Nicholas Wolterstorff considers arguments for how we ground morality and human rights.
A dominant, or at least prominent, line of thought about morality, rights, and so forth stems from the 18th-century great German philosopher Immanuel Kant. And Kant grounds morality in rational agency – the truly remarkable ability that human beings have to act for reasons and not just out of causes.
So I think that that can account for a good deal of morality. It seems to me where the difficulty arises for such a secular account is when we acknowledge that people who are not capable of rational agency, when we acknowledge that such people still have rights and that we’ve still got obligations towards them – since they’re not capable of rational agency, they lack the capacity. So Kant says that it’s respect for the capacity for rational agency that requires of us that we pay them due regard and so forth, but if they don’t have that capacity.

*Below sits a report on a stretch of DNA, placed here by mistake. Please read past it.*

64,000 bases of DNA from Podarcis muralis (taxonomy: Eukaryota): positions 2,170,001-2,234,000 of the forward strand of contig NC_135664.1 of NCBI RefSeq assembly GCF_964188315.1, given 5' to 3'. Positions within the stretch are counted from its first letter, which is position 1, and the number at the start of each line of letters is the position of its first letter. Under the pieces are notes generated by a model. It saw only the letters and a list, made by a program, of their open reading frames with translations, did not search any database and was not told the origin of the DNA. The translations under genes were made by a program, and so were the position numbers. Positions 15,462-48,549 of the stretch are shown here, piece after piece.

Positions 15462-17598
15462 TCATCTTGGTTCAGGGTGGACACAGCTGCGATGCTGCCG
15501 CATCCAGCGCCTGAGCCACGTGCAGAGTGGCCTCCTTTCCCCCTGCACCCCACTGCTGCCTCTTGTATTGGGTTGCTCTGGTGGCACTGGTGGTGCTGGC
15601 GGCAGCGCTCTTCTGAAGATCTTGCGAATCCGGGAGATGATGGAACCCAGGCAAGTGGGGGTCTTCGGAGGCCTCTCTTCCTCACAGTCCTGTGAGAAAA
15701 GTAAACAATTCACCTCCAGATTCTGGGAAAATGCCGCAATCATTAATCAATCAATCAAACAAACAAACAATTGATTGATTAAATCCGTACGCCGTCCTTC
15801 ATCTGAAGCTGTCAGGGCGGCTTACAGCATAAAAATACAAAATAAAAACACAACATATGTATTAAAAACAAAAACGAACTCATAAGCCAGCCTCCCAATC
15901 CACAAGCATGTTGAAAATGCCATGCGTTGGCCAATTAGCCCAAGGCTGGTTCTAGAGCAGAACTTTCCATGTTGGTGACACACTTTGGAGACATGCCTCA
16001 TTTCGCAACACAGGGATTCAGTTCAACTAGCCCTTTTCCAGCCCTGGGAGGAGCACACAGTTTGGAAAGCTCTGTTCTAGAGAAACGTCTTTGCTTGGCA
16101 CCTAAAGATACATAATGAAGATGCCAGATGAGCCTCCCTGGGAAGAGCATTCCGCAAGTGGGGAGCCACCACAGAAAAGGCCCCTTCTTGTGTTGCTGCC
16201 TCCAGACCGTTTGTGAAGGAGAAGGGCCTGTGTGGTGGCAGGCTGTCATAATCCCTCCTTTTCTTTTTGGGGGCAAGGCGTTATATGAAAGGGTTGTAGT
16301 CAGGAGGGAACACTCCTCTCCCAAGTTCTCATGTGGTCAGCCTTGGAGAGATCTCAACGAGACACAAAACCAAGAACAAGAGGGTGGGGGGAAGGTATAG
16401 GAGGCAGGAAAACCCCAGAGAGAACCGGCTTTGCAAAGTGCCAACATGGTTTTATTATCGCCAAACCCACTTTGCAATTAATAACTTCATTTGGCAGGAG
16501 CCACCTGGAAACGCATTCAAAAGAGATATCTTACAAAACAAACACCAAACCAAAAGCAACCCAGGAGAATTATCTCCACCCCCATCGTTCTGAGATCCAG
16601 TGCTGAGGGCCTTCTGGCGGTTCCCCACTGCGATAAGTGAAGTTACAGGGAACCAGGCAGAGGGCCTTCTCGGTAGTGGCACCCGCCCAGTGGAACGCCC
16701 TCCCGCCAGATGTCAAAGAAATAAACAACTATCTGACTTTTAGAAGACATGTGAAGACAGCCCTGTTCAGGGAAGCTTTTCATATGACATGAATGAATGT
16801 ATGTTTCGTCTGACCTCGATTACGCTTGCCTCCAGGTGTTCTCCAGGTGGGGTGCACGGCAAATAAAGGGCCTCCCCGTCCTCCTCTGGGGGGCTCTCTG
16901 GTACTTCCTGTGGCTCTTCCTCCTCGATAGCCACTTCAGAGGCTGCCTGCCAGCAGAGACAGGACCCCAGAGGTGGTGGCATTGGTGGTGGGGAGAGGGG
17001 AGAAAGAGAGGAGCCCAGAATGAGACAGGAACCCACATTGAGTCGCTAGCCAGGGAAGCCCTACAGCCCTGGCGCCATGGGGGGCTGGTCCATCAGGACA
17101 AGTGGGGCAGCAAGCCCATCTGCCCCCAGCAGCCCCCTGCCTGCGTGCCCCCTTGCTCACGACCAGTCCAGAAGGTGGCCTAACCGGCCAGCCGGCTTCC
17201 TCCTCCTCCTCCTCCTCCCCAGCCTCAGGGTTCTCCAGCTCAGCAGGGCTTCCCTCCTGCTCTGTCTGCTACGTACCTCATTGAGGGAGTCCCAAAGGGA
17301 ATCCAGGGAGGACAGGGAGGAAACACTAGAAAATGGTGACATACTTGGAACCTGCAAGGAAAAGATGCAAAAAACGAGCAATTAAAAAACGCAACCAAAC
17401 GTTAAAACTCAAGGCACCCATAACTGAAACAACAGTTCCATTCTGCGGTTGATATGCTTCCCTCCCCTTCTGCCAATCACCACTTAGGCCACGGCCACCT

So I think it’s the marginal human beings, the truly marginal: those who are in a long-term coma, those who are suffering from Alzheimer’s, the infant who was severely impaired from birth and so forth. It’s those marginal human beings who I think constitute the great challenge.
Simon Smart: And become vulnerable perhaps.
Nicholas Wolterstorff: And over the long haul I think they become vulnerable.